“Vectors” recounting the invention of the Hawking-Gilman Hyperspatial Drive (a.k.a. the Dragonfly drive) which allowed space ships to travel faster than light. Normally I dislike fiction in game books, but “Vectors” evokes both the social realities of the 1980s we know and the subtle influences of the Mythos on humanity.
The Introduction introduces the notion of role-playing games, the premises of “Lovecraftian Science Fiction”, and key concepts of the setting.
Chapter 1: The Eldritch Past & The Mythos Present explains a prehistory shaped by Elder Ones (a.k.a. Old Ones, Elder Things, Primordial Ones) from “At the Mountains of Madness”, Flying Polyps and the Great Race of Yith from “The Shadow Out Of Time”, Mi-Go from “The Whisperer in Darkness”, Serpent People, and a forgotten “Thurian Age” (a shout-out to Robert E. Howard or Clark Ashton Smith perhaps). It also describes man’s exploration of the mythos, extra-solar colonies, and more mundane details of alternate 20th and 21st centuries up until the starting point in 2030. Notably, the UN Office of Paranormal Security (OPS) becomes custodian of hyperspatial technologies and peacekeeper of human space, which seems a little unlikely given the UN’s real-world history. History and alt-history buffs can no doubt poke other holes in this chapter. Still, as a pretext for near-future interstellar adventure with time-traveling Yithians and piratical moonbeasts, it works.
Chapter 2: Creating Civilians and Operatives describes how to build characters of the 2030s, using Cinematic Unisystem. Players may choose among three character types: highly-trained Operatives, above-average but fairly normal Civilians, or larger-than-life Veterans. Operatives have more Attribute, Quality, and Skill Points than Civilians, and Veterans even more than Operatives. Civilians start with the most Drama Points, followed by Operatives and then Veterans, substituting luck and dramatic license for excellence. GMs may forbid particular character types depending on the campaign; in a “gritty” game that excludes Drama Points, Civilians might die like flies.
Chapter 2 includes typical human Qualities and the “Ab-Human Qualities” of being a Deep One Hybrid, Half-breed Ghoul, Psychic, or Sorcerer. It also includes Qualities for biotechnological and hyperspatial Augmentations available in 2030. The chapter concludes with six Archetypes (sample characters) and at least one typo under the Astronaut’s drawbacks.
Chapter 3: Rules & Gear presents the remaining Cinematic Unisystem rules, pretty much as described above. This chapter is so similar to other Cine-Uni games I skimmed it on first reading.
Chapter 4: Arcane Secrets describes the effects and mechanics of Hyperspatial Exposure, Hyperspatial Sorcery, and technosorcerous devices. Sorcery spells should not surprise anyone familiar with Call of Cthulhu, The Laundry, or Lovecraft’s original works: the Voorish Sign, the Elder Sign, Open Gateway, Summon Servitor of the Other Gods, Summon Great Old One, plus a few related to hyperspatial exposure or just generally useful. Each spell has suggestions for possible technosorcerous devices and an Exposure level.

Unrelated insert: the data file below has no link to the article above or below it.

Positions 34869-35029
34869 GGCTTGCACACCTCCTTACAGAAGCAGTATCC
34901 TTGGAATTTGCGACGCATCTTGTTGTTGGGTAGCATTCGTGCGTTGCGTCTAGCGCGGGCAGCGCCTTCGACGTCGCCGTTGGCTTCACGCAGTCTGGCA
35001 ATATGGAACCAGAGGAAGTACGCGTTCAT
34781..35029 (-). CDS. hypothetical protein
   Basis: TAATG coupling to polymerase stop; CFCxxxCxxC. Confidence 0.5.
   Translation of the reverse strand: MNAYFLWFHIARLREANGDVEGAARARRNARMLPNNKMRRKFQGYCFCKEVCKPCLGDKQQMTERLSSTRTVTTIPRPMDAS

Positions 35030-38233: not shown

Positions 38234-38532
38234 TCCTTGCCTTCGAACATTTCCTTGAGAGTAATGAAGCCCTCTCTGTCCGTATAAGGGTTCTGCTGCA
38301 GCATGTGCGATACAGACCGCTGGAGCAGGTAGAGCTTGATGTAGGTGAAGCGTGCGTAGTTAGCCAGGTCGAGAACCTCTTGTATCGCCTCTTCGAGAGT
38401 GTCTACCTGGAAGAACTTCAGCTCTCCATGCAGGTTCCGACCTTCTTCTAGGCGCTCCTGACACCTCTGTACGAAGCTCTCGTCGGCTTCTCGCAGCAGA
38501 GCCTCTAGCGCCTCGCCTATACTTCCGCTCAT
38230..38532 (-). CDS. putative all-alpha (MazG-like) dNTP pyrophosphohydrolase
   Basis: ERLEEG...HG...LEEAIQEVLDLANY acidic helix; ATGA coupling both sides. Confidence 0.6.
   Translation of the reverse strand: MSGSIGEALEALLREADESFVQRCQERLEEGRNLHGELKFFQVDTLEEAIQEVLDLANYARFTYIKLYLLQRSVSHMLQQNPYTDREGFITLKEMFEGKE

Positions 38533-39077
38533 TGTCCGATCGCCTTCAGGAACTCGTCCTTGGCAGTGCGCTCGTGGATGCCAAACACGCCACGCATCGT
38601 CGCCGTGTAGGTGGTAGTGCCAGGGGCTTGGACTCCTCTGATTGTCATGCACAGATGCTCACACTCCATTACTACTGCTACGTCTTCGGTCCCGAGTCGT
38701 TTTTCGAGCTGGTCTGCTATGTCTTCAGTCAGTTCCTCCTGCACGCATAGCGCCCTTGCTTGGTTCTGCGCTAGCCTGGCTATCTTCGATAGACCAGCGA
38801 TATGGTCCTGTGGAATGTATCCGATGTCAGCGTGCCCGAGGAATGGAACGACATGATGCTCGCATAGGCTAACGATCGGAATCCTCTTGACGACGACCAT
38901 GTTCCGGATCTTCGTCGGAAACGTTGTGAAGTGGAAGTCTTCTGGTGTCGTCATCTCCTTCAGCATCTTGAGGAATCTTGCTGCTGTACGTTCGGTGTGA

Chapter 5: The Realms of the Mythos describes human colonies elsewhere in the Solar System and around other stars. Each extra-solar colony includes details on population, gravity, atmosphere, native or transplanted life, remnants of intelligent life (nearly always ruins), and potential story seeds. A section touches on the fate of other known civilizations – transcendence to hyperspace, extinction, or stasis. It also describes the Dream Realm (HPL’s “Dreamlands”), which includes the Pastoral World and Underworld of Lovecraft, a cyberpunk Future World, and a Space Sector that veers between hard SF and sword-and-planet. The latter two realms arise from dreams of futures unrealized.
Chapter 6: Eldritch Threats and Alien Wonders details creatures of the Mythos from human cultists to mutants, ghouls, Deep Ones, Elder Ones, Shoggoths, Mi-Go, and all the rest. Each entry gives not only game stats but their history, motivation, and relations to humanity.
Chapter 7: Storytelling Advice is the obligatory Game Mastering chapter, adapted to Eldritch Skies. It discusses the distinctions between Gritty, Cinematic, and Pulp series, the organization and role of OPS, considerations of an all-Civilian series, and possible starting points in a setting encompassing other planets and the Dream Realms besides.
An Appendix presents useful tables and conversion notes for older Unisystem games like All Flesh Must Be Eaten and Witchcraft.
The final fiction piece, “Serendipity”, presents the final moments of a joint U.S.-Soviet Moon mission in which technology failed and sorcery remained the only option.
Those readers who made it thus far can breathe a sigh of relief.
In summary, John Sneed’s Eldritch Skies recasts Lovecraft’s mythos as science fiction, and by and large it succeeds. His alternate history is a sprawling playground that accommodates space opera, SF horror, or action-oriented pulp SF. Cinematic Unisystem suits all those genres, but the setting transfers easily to any system that can represent the Cthulhu Mythos, i.e nearly all of them. If only Snead et al paid more attention to the physical presentation, this could be an amazing game.